Desorber apparatus for free&dissolved water removal

Collecting, filtering and dewatering of WVO SVO vegetable oil. For Biodiesel producers too.

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Desorber apparatus for free&dissolved water removal

Postby ecojetta » Sat Mar 15, 2008 9:52 am

I am curious if anyone has tried this method of introducing air bubbles
in the bottom of the oil barrel. The whole thing would look like a Guinness
beer!


http://www.cjc.dk/fileadmin/user_upload ... nciple.pdf
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Postby coachgeo » Sat Mar 15, 2008 11:52 am

yeah its been done. Mostly on the biodiesel side. Since last discussion on bubble drying was years and years ago, now I can only guess why its not done on the WVO side. Think its something to do with bubbeling in higher viscosity WVO ends up just stiring the water back up that was trying to settle out.
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Postby Welder » Sat Mar 22, 2008 9:26 pm

coachgeo wrote:yeah its been done. Mostly on the biodiesel side. Since last discussion on bubble drying was years and years ago, now I can only guess why its not done on the WVO side. Think its something to do with bubbeling in higher viscosity WVO ends up just stiring the water back up that was trying to settle out.


Bubble drying is definately not conducive to settling. They are very different approaches to the same problem.

Since water in WVO (or methanol) slows down the transesterification reaction, a local bio brewer I know spray dries his WVO before reaction. He spray dries his finished esters too.

This info is NOT OT though since spray drying can also be used on WVO. It is one of the ways that CFs dewater. They don't only use centrifugal force, they also evaporate water out of the oil that returns back into the CF barrel. That's why it makes sense to crush the end of the return pipe a little to fan out the returned oil and increase its evaporative surface area. Of course, the better the ventillation availabe to carry the steam away from the barrel, the more efficient the CF return spray will be. Atmospheric humidity will also be a factor...
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Postby Welder » Sat Mar 22, 2008 10:03 pm

Hi EcoJetta.

I just followed the link you gave. Wow, what a seemingly over-complicated system that is!!!

I guess after that article linked to on infopop where the industrial fryer workers had a higher incidence of lung tumors, it makes sense to clean out tiny oil droplets misted into the air exhaust, but what's with the other complexity? The water cleaner makes some sense, but why bother linking together the 2 big tanks?

I'd just use one tank. I'd mist wash, spray dry and bubble dry in the same tank, then filter into a second storage vessel.
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Postby SkySkiJason » Sun Mar 23, 2008 9:38 am

The VO labs buble air/oxygen thru VO to make it polymerize. Does not seem like a good idea.

It would be very easy to check this out. Drop an aquarium air stone in a pot of VO and see what happens. How long will it take? Will heating the VO make it happen faster? What about the presence of copper, mild steel, aluminum? What about presence of fats and water?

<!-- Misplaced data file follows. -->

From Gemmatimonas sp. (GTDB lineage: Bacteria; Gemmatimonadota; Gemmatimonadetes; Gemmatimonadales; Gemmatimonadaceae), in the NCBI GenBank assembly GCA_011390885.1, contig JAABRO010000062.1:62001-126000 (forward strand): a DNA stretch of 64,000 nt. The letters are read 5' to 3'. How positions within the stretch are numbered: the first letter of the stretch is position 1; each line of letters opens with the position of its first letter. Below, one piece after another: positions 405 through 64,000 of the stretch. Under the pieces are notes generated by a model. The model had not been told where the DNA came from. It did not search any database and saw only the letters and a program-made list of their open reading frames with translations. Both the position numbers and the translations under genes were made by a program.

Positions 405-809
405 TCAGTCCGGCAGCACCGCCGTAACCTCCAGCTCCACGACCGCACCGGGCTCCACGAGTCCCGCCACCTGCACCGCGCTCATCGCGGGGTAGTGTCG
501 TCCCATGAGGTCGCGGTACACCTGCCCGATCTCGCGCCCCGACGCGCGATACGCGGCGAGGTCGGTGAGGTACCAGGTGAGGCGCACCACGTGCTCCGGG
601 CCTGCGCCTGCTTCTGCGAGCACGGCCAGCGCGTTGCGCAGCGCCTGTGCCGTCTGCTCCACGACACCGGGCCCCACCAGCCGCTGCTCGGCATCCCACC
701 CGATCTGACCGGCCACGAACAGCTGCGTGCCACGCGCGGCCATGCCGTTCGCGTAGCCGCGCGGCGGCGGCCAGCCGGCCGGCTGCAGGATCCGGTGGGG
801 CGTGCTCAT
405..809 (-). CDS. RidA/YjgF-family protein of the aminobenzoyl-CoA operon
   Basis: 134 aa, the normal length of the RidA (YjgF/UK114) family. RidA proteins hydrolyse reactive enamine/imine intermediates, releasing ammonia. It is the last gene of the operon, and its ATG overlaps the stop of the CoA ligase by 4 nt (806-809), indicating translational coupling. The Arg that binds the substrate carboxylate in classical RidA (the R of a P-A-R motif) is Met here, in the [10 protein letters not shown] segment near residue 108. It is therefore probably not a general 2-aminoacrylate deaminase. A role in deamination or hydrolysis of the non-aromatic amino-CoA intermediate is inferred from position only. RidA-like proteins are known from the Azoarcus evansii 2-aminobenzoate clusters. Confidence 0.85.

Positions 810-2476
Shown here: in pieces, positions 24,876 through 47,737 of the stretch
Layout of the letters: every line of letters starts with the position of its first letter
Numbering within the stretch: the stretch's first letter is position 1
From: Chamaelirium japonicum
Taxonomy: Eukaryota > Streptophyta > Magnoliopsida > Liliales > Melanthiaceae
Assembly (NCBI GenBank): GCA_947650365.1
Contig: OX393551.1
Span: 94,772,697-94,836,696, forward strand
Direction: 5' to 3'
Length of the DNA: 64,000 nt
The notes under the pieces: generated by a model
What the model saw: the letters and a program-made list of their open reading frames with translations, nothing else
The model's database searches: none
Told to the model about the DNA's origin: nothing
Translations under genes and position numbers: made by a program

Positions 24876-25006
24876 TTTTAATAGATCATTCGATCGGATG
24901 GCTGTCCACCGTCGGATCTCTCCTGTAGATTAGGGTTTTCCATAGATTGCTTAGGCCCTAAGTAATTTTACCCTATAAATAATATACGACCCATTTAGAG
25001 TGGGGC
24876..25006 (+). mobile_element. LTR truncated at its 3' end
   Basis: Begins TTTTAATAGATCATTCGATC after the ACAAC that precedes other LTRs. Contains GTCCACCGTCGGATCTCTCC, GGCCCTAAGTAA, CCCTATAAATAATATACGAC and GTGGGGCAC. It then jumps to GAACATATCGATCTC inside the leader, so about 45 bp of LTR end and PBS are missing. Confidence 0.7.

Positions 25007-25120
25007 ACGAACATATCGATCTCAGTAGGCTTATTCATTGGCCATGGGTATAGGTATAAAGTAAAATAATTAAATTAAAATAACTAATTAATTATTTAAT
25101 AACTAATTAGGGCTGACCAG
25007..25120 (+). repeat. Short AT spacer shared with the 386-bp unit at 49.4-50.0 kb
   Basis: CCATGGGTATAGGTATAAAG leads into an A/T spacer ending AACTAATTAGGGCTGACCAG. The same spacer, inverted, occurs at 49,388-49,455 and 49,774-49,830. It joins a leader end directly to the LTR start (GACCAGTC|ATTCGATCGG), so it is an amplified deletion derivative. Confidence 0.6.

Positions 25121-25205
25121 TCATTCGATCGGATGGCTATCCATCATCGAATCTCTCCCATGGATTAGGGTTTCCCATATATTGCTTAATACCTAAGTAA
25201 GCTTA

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Postby Welder » Sun Mar 23, 2008 5:07 pm

SkySkiJason wrote:The VO labs buble air/oxygen thru VO to make it polymerize. Does not seem like a good idea.

It would be very easy to check this out. Drop an aquarium air stone in a pot of VO and see what happens. How long will it take? Will heating the VO make it happen faster? What about the presence of copper, mild steel, aluminum? What about presence of fats and water?


VO labs? What VO labs? Blackstone doesn't intentionally make vegpoly, do they?

Joe Beatty (chemist) did vegpoly formation experimentation. IIRC, he used heat, copper and maybe even air bubbles to expedite reaction.

Bubble drying happens very quickly relative to vegpoly formation in a veggie tank.
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Postby BMW Fan » Sun Mar 23, 2008 8:25 pm

SkySkiJason wrote:The VO labs buble air/oxygen thru VO to make it polymerize. Does not seem like a good idea.

It would be very easy to check this out. Drop an aquarium air stone in a pot of VO and see what happens. How long will it take? Will heating the VO make it happen faster? What about the presence of copper, mild steel, aluminum? What about presence of fats and water?


I am really curios where this knowledge comes from.
If I would test new vegetable oil for food I would have to avoid all kind of metals beside stainless steel. That's common knowledge in the food industry for centuries.
It is meaningless for us.
All this crazy tests in the open air create polymerization.
Their is no doubt about.
Put veggie on the outside of a copper tube and it turns green.
Run veggie through a closed system for years and the inside keeps clean.
The same with mild steel.
Leave your used plastic cubies open and the paint smell is there in a few days.
The chicken skin follows.
Fill em up to the top, store dark and cold and your oil will be fine for years.
Live can be so easy.

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